All You Need to Know About Knee Rehabilitation
Chronic ache or sudden injury, when experiencing pain in the area knee rehabilitation in needed – and welcome. How you go about the treatment will likely depend on what type of injury or pain was incurred.
Runners often experience knee pain, partly due to the strain placed on the area while jogging or running. If a runner experiences a sudden, sharp pain it may be due to an injury such as a torn ligament. Such a thing requires an equally sudden response. See a doctor or visit the emergency room right away.
Other times the act of regular running, especially on pavement or hilly courses, will put strain on the area and eventually the need for knee rehabilitation arises. Treatment for this can begin at home before there is need to see a medical professional. Rest is the first step, as taking strain off of your knee is important. Apply ice to the area as well, being sure to do so in short intervals so as not to risk damaging your skin from the cold. Afterwards, wrap your knee in bandage – not too tightly – for compression of the area. Lastly, elevate the knee while you are resting, keeping it propped on a stool or pillows for comfort. Rest, Ice, Compression and Elevation – or RICE for easy reference.
This type of knee rehabilitation may not be extensive enough, especially with sudden injuries. If that is your case, or if these home treatments aren’t offering relief, see your doctor. A visit to a physician who specializes in sports medicine will likely be required (mainly orthopedic surgeons). It may be that surgery is the best option, but be sure to gather all of the information and discuss your case extensively with the specialist before making any decisions. Surgery will require lengthy knee rehabilitation.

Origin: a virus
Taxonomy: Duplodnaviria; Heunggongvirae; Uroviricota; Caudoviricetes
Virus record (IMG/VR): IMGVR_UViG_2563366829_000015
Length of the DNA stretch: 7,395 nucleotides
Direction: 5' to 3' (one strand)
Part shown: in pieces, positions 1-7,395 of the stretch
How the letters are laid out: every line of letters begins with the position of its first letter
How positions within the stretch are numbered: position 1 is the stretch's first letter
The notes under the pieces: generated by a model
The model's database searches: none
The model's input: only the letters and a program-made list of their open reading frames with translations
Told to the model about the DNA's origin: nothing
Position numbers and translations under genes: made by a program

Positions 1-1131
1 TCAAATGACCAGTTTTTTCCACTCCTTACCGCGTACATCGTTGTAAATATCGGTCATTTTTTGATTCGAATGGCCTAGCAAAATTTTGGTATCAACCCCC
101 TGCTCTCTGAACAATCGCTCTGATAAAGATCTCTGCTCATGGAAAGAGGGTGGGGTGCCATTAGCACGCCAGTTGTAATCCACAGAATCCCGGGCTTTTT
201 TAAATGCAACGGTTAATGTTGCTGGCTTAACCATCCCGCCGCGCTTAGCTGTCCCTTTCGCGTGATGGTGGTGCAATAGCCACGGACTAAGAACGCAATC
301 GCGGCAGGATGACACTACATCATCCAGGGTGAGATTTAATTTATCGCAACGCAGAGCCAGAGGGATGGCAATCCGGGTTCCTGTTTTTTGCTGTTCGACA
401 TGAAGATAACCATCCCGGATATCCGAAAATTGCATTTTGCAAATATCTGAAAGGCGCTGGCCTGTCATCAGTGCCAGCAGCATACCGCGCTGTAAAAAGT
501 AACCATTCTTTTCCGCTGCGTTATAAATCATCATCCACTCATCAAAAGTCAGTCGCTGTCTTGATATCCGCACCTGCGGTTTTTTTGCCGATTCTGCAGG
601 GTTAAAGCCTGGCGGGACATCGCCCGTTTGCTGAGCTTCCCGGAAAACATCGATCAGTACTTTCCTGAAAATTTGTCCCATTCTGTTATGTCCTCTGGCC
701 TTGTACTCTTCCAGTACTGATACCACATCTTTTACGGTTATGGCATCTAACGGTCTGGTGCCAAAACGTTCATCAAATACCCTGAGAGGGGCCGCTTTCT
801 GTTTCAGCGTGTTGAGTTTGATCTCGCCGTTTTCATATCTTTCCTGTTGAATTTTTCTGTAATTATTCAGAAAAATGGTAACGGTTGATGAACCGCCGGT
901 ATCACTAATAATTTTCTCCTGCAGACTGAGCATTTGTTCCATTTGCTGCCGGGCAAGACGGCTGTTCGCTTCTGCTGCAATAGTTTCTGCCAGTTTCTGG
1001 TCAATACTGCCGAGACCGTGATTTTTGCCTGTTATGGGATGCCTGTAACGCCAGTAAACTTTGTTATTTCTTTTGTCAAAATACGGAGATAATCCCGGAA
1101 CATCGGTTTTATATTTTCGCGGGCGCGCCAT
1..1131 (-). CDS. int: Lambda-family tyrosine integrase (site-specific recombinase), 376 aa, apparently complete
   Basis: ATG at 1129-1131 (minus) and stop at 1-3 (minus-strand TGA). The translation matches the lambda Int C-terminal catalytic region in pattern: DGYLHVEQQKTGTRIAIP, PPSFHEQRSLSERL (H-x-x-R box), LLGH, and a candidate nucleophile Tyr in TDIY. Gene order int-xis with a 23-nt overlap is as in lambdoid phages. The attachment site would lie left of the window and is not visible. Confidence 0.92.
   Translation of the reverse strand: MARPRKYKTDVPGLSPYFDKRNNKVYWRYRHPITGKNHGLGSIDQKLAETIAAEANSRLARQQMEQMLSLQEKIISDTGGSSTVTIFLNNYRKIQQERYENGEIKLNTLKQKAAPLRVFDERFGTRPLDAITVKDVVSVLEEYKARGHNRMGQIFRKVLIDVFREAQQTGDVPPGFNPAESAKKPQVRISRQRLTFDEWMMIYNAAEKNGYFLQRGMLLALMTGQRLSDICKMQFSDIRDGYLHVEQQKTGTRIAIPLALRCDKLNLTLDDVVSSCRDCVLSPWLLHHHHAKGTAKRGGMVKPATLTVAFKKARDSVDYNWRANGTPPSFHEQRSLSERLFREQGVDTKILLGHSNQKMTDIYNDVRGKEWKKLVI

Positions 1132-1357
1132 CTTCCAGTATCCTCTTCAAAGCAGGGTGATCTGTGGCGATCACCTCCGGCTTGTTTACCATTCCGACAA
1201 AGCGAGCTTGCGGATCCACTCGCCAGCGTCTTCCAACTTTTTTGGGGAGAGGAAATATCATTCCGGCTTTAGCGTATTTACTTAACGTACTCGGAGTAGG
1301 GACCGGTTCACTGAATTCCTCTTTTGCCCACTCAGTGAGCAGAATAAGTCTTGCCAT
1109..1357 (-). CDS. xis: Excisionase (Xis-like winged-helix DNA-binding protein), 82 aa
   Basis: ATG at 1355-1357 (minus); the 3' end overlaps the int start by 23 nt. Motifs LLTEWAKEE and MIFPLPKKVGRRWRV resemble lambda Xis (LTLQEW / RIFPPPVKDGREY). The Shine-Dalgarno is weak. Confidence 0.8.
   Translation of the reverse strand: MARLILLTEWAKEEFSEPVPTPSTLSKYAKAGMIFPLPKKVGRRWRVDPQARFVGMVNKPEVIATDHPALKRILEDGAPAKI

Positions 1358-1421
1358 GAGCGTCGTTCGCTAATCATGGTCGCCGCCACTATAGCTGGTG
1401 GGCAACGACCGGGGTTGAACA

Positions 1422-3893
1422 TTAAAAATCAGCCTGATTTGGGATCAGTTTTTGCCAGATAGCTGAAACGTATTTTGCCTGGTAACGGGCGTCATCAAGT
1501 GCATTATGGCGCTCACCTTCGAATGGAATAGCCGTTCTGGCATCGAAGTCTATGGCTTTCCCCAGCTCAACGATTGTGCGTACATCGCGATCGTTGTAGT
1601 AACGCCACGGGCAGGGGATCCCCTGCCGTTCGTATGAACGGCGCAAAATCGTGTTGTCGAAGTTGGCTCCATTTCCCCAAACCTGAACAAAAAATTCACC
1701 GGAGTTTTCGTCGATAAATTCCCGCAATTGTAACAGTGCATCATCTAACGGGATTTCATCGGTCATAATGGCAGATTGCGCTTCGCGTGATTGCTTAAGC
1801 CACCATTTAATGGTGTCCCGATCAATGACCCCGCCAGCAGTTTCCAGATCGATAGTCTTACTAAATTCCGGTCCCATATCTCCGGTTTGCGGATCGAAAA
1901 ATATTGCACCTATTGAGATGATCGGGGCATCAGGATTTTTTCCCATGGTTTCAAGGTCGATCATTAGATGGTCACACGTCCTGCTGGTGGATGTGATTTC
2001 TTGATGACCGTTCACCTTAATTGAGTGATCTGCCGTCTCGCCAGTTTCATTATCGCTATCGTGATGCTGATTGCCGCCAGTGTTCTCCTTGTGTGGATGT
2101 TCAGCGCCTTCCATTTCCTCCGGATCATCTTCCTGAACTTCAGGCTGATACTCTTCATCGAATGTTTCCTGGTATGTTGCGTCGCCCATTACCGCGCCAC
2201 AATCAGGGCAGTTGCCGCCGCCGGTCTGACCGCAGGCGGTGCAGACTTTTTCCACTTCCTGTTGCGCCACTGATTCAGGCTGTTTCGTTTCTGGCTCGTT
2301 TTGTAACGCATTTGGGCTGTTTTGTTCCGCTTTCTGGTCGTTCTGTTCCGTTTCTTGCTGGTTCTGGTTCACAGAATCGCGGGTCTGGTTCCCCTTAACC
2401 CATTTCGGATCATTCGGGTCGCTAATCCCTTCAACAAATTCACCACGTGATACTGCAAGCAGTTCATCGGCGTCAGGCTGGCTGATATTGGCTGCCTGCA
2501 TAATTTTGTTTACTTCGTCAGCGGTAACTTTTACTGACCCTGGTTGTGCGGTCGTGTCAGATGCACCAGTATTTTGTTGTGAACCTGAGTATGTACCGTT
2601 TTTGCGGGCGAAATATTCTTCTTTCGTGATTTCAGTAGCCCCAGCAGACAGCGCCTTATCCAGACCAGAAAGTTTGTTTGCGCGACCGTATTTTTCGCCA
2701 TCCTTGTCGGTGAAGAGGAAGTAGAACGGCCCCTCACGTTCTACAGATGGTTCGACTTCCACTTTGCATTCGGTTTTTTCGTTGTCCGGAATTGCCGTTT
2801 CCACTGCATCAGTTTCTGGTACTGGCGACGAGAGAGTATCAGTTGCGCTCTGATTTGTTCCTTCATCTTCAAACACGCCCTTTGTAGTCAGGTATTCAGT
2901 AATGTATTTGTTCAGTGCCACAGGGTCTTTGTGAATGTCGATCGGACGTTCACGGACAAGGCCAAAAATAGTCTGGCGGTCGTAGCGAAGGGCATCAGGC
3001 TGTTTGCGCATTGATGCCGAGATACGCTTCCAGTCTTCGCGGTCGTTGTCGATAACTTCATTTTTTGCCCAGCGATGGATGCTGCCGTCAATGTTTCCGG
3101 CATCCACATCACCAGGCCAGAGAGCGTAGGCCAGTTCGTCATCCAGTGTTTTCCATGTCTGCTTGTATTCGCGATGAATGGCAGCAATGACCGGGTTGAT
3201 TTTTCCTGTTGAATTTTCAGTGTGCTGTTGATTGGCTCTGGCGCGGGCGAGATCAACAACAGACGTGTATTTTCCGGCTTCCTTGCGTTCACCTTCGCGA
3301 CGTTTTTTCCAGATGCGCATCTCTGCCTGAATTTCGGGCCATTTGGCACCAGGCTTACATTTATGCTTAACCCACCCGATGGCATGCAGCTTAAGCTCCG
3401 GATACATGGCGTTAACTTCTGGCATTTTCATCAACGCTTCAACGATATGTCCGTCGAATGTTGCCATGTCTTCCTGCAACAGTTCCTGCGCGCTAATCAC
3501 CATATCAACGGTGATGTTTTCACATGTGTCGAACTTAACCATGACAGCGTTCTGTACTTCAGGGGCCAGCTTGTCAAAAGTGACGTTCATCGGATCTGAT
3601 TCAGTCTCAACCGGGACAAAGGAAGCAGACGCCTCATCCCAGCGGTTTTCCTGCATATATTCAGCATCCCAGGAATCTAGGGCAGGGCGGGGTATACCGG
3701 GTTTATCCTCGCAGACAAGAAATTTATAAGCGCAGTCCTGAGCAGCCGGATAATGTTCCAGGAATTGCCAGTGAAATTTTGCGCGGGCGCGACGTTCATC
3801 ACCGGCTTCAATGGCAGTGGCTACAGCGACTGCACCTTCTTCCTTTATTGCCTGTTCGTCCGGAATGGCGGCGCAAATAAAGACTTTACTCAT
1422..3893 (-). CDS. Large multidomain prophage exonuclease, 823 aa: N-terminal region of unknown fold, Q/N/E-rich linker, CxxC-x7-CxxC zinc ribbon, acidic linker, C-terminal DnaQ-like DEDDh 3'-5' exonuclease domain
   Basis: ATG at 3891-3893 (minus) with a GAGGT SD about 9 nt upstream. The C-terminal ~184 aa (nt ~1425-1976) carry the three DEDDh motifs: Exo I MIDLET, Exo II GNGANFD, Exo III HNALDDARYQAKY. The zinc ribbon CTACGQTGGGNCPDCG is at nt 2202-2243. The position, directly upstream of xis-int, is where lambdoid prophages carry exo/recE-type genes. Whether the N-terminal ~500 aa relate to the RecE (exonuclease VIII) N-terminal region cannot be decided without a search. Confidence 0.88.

With chronic pain (or post surgery) you may be referred to a physical therapist. The therapist will often check your stance or stride (if possible) to determine whether you are applying undue strain to the knee. They should provide you with strengthening and stretching exercises that serve to help the knee recover and improve blood flow to the area. Regular and sometimes frequent visits to the physical therapist are necessary, as is a commitment to follow through on the exercises.
You may benefit from a visit to the podiatrist, who can fit you with orthotics that will correct any difficulties with your stride or stance. Sometimes the simple act of walking or standing a certain way has the potential to harm your knees. Orthotics can offer support and correction where necessary.
Medication can be taken while you are progressing through knee rehabilitation. Anti-inflammatory medication works well as it reduces pressure and swelling in the area. Be sure to talk to your doctor and obtain advice about what type of pharmaceutical is best for you. Watch that your medication doesn’t mask or disguise the actual rehabilitation of your knee. Work through your physical therapy exercises without them whenever possible.
There are many things you can do to prevent knee injuries and knee strain from happening. If you are overweight and experience pain in the knee joints losing a few pounds will help to reduce strain and pain. Stretching and warming up before exercise can help to improve blood flow and loosen muscles. Also remember to always wear protective gear when engaging in contact sports – leg braces or knee and shin guards can help you to avoid knee injury altogether. Talk to your podiatrist about the ideal shoes for your chosen sport and wear any orthotics prescribed to you. An ounce of prevention can save hours and even days in therapy.
Knee rehabilitation is generally not a quick process and requires commitment on your part. But the ability to participate in your favorite sport or just move around without pain is well worth it.